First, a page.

The issue of the “Silent Sentinel” White House pickets was brought up at the convention today, but unfortunately it was in the form of a proposed resolution condemning the National Woman’s Party’s picketing of President Wilson. But another resolution introduced suggests that the delegates are considering their own form of militance. They may pledge to stay out of the established political parties and reorganize the Party along Congressional District lines so they can most effectively organize women voters to defeat every Member of Congress or State legislator who opposes suffrage. 

Meanwhile, in Washington, the use of seven Marines to guard the grounds around Occoquan Workhouse in order to keep supporters too far away to communicate with the suffrage prisoners by mutual shouting, and to prevent anyone from sneaking in and having notes from the prisoners thrown to them, is being protested. A delegation of suffragists called on Navy Secretary Daniels today, and he said that if the report was true, the guards would have to be withdrawn. The Commandant of the Marine Corps said he had no knowledge of any of his men being detailed to such duty, but Katherine Morey reported that they were there when she tried to visit her mother at the Workhouse. 

Legal actions on behalf of the suffrage prisoners continue, and a hearing is scheduled for later in the week before Federal Judge Edmund Waddill in Alexandria, Virginia. The “Silent Sentinel” White House pickets will be brought out of Occoquan Workhouse and be able to freely testify in open court about their ordeals. Authorities will first be asked why women whose “offense” of allegedly “blocking traffic” on the wide Pennsylvania Avenue sidewalk in the District of Columbia are being confined in Virginia, instead of the District Jail.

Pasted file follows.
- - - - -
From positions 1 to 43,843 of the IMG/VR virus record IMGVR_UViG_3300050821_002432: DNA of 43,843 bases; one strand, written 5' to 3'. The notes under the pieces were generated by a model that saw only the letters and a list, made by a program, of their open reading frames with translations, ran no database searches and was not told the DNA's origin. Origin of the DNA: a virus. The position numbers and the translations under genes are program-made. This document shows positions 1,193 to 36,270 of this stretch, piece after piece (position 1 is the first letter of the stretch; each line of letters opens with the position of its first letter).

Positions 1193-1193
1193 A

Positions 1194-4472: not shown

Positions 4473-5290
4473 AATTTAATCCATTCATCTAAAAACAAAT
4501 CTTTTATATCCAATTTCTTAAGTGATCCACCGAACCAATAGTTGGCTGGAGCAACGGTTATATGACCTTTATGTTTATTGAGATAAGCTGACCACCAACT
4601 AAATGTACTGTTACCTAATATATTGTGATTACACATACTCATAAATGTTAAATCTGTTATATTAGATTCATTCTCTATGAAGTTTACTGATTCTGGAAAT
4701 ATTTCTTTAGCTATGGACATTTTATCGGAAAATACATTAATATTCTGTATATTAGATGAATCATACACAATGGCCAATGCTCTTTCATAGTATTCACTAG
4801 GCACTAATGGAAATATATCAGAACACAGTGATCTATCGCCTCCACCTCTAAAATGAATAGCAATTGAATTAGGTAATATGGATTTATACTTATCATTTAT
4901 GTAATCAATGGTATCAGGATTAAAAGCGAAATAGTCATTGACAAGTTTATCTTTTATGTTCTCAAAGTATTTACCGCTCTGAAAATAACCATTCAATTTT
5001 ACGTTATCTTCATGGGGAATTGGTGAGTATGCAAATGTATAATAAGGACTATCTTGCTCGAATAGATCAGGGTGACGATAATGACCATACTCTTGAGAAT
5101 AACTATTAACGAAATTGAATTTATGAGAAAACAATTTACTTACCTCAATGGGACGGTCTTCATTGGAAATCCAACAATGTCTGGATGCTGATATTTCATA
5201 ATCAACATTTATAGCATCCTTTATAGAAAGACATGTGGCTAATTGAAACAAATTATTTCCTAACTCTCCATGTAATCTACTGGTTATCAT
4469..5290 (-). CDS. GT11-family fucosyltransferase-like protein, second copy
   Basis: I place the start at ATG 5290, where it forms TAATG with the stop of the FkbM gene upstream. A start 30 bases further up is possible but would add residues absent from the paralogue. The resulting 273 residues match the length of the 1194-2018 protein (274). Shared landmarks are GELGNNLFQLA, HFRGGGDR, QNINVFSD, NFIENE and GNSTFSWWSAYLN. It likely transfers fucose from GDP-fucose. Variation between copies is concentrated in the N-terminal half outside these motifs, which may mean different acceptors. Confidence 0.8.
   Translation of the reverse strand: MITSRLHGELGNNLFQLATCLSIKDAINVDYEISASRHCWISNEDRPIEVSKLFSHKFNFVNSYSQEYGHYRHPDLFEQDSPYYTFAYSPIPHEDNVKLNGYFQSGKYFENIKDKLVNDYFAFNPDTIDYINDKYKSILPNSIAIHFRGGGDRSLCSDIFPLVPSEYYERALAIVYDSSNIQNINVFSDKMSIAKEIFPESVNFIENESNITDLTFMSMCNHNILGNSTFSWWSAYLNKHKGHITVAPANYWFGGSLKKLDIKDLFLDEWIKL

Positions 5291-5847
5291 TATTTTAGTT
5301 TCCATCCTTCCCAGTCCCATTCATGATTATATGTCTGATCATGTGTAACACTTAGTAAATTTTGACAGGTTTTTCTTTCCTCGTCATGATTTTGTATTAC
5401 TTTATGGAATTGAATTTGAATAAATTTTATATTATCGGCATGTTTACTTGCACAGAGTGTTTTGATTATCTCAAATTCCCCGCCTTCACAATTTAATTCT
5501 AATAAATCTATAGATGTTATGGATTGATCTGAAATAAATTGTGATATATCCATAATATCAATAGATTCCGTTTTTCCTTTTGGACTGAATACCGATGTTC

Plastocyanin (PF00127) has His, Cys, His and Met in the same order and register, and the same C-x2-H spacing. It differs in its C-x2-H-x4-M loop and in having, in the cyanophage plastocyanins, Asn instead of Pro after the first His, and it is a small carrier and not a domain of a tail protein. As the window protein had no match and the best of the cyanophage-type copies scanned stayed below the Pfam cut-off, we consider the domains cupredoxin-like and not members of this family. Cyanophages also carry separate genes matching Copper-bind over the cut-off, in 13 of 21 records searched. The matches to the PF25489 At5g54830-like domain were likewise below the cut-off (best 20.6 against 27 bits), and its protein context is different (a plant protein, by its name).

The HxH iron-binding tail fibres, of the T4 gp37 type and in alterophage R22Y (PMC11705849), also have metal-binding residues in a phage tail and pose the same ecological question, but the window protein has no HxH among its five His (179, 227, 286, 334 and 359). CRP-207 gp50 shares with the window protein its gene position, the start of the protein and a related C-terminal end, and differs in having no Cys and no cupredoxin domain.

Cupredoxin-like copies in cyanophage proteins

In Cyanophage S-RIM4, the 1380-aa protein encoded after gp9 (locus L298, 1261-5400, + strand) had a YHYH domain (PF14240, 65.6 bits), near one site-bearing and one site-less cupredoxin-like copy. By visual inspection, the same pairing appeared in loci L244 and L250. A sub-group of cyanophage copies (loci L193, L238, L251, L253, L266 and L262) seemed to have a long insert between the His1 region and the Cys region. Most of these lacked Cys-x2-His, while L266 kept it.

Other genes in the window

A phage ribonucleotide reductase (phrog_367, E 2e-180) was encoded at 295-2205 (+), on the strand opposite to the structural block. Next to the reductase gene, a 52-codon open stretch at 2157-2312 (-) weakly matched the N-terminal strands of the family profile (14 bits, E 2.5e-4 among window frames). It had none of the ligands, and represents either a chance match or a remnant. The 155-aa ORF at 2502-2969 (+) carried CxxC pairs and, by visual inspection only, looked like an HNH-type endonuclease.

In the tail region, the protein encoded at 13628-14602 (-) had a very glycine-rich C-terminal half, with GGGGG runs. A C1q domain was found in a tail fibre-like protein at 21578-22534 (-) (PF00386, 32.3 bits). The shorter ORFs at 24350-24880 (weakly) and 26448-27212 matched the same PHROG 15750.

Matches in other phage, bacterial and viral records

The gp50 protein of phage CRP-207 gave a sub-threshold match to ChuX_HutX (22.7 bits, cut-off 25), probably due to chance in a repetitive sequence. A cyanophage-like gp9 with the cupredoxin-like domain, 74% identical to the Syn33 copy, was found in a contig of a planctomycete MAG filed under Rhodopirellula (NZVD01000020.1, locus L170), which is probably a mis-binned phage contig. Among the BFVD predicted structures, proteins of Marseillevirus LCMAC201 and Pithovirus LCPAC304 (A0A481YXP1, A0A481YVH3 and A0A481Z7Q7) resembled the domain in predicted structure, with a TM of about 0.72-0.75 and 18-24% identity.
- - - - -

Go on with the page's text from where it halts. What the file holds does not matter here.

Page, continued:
Then, those in charge of the Workhouse will be compelled to explain why there was so much brutality inflicted upon the prisoners the evening they arrived, and justify the unusually harsh conditions and restrictions imposed on these suffragists in the days since that night of terror on the 14th.


David Dismore is the archivist for the Feminist Majority Foundation. His journey from would-be weather forecaster to full-time feminist began with the powerful impression made by a photo and a few paragraphs about the suffragists in his high school history textbook; years later, he had his first encounter with NOW—in which he carefully peeked in a window before opening the door to be sure men were allowed. He was eventually active in the ERA extension campaign of 1978, embarked on a cross-country bikeathon for it in 1982 and even worked for pioneers Toni Carabillo and Judith Meuli.